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Pro wrestler sues because opponent fought back for real, causing him to lose a testicle

Feb 29, 2012, 10:05 AM EDT


It’s something I’ve always pondered: what if a pro wrestling match went wildly off script, and one of the wrestlers fought back for real? That would make a good movie (copyright, patent, do not steal). Now it’s happened for real, apparently, as John Levi Miller, 23, filed a lawsuit on Monday claiming that Clinton Woosley did some unauthorized kicking to his groin area in a match. Woosley was supposed to be the designated loser in their Indiana-based Coliseum Championship Wrestling match this past June, but things didn’t go as planned. Woosley kicked Miller in the groin at some point, and as a result, Miller lost a testicle, according to the Louisville Courier-Journal.


Miller says Woosley, who wrestles under the name Guido Andretti, declined his invitation to map out the fight, as is customary, and instead said he understood the plan and that “it would be OK.” However, Miller says Woosley tried to win and kicked him hard in the crotch.

Miller, who was a contestant on season two of “Love Games,” an Oxygen Channel reality show, could not immediately be reached for comment. Neither he nor Woosley had listed phone numbers. In his bio on the show’s website, Miller is described as an aspiring WWE wrestler who has made a few appearances on the WWE circuit as a villain named “The Playboy J-Millz.”

Miller’s lawyer, Larry Wilder of Jeffersonville, told the paper that Miller applied ice to the swelling after returning home from his match with Woosley, but went to a hospital the next day, where doctors ended up removing his ruptured right testicle.

Sam Cosby, who owns Coliseum Championship Wrestling, which promoted the event, told the newspaper that Miller got his facts wrong. He said Miller finished the match and actually won it, as scripted, and he said Miller gave no indication afterward that he had been injured.

Miller’s lawyer says he has no health insurance and owes more than $20,000 in medical bills. One would think that health insurance would be a priority for a pro wrestler — even though the matches may be staged, there’s still a lot of physicality involved, and the potential for injury. But I guess not.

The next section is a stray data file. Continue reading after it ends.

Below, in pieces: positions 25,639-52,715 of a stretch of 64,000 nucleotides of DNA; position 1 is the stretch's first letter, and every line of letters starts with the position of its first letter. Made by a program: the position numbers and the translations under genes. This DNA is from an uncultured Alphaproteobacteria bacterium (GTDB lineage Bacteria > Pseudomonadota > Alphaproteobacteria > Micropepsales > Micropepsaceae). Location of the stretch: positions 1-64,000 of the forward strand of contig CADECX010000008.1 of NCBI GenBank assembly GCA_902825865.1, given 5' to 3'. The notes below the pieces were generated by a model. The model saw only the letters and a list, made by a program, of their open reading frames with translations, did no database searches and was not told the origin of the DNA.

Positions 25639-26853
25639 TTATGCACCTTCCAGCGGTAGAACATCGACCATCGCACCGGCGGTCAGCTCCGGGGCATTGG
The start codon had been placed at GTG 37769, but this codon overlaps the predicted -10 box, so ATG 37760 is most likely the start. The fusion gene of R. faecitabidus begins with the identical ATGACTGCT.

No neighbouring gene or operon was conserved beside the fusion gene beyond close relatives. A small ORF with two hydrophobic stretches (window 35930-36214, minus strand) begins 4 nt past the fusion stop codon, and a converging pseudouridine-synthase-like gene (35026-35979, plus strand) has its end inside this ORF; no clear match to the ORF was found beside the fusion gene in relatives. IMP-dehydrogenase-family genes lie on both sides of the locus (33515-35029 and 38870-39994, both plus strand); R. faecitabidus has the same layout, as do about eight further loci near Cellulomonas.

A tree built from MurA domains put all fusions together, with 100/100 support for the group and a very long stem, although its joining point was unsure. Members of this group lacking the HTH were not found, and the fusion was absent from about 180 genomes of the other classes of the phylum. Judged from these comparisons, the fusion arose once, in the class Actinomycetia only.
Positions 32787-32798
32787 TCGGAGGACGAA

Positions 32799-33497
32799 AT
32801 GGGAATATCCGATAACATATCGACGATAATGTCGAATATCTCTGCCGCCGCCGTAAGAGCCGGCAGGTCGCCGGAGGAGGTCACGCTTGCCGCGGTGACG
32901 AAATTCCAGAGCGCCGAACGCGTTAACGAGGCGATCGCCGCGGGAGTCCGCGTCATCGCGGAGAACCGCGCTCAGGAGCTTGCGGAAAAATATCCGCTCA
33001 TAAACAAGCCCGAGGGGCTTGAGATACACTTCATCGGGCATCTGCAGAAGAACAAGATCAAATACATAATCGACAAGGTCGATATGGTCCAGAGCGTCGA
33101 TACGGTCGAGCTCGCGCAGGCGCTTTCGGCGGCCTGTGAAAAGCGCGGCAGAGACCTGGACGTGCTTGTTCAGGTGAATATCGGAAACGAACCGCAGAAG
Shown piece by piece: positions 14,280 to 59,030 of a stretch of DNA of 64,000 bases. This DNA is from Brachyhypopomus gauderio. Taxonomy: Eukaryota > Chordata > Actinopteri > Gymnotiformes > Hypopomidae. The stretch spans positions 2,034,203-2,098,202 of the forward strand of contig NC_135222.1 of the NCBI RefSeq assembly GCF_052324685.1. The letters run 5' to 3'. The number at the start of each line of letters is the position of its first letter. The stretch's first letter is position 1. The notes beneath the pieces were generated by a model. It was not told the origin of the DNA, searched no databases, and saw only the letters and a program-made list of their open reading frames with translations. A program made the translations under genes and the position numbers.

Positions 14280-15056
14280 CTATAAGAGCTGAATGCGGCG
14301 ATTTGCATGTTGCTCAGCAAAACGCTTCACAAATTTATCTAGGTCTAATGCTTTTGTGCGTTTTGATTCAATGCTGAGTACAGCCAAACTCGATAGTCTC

1. dowhatifeellike - Feb 29, 2012 at 10:27 AM

    How can a wrestling…league? group? troupe? exist without requiring all participants to carry insurance? I used to work with a guy who was an amateur “pro” wrestler, but he only did it because he had a good insurance policy through our employer (and he needed it often).

  2. alligatorsnapper - Feb 29, 2012 at 10:38 AM

    diwgatifeellike: Good post! When I was a young boy I went to school with the son of a then very renowed professional wrestler. I would see his dad bring my friend (his son) to school daily. One day I asked my friend why his dad wasn’t on tv as he was before. My friend responded, “My dad needs insurance.” If this story is true, it is sad. I would hope it is not a publicity stunt.

  3. bobwsc - Feb 29, 2012 at 12:40 PM

    WWE treats their wrestlers (or did) as independent contractors, so they received pay but little benefits. Jesse Ventura wanted everyone to walk out on McMahon at wrestlemania 2, demanding benefits like insurance, disability pay, etc, but too many guys feared that Vince would run them out of the business for good. this is an issue in the UFC as well; Joe Stevenson was going to Mexico to get x-rays taken because it was cheaper.

    and alligatorsnapper: you have to give up the name of the wrestler!

  4. alligatorsnapper - Feb 29, 2012 at 2:03 PM

    The wrestler father of my childhood friend was Jerry Lawler,

    • bobwsc - Mar 1, 2012 at 10:04 AM

      wow – Brian Lawler (aka Grandmaster Sexay)? a co-worker of mine claims that Brian used to beat him up when they were young. small world. Jerry is a legend.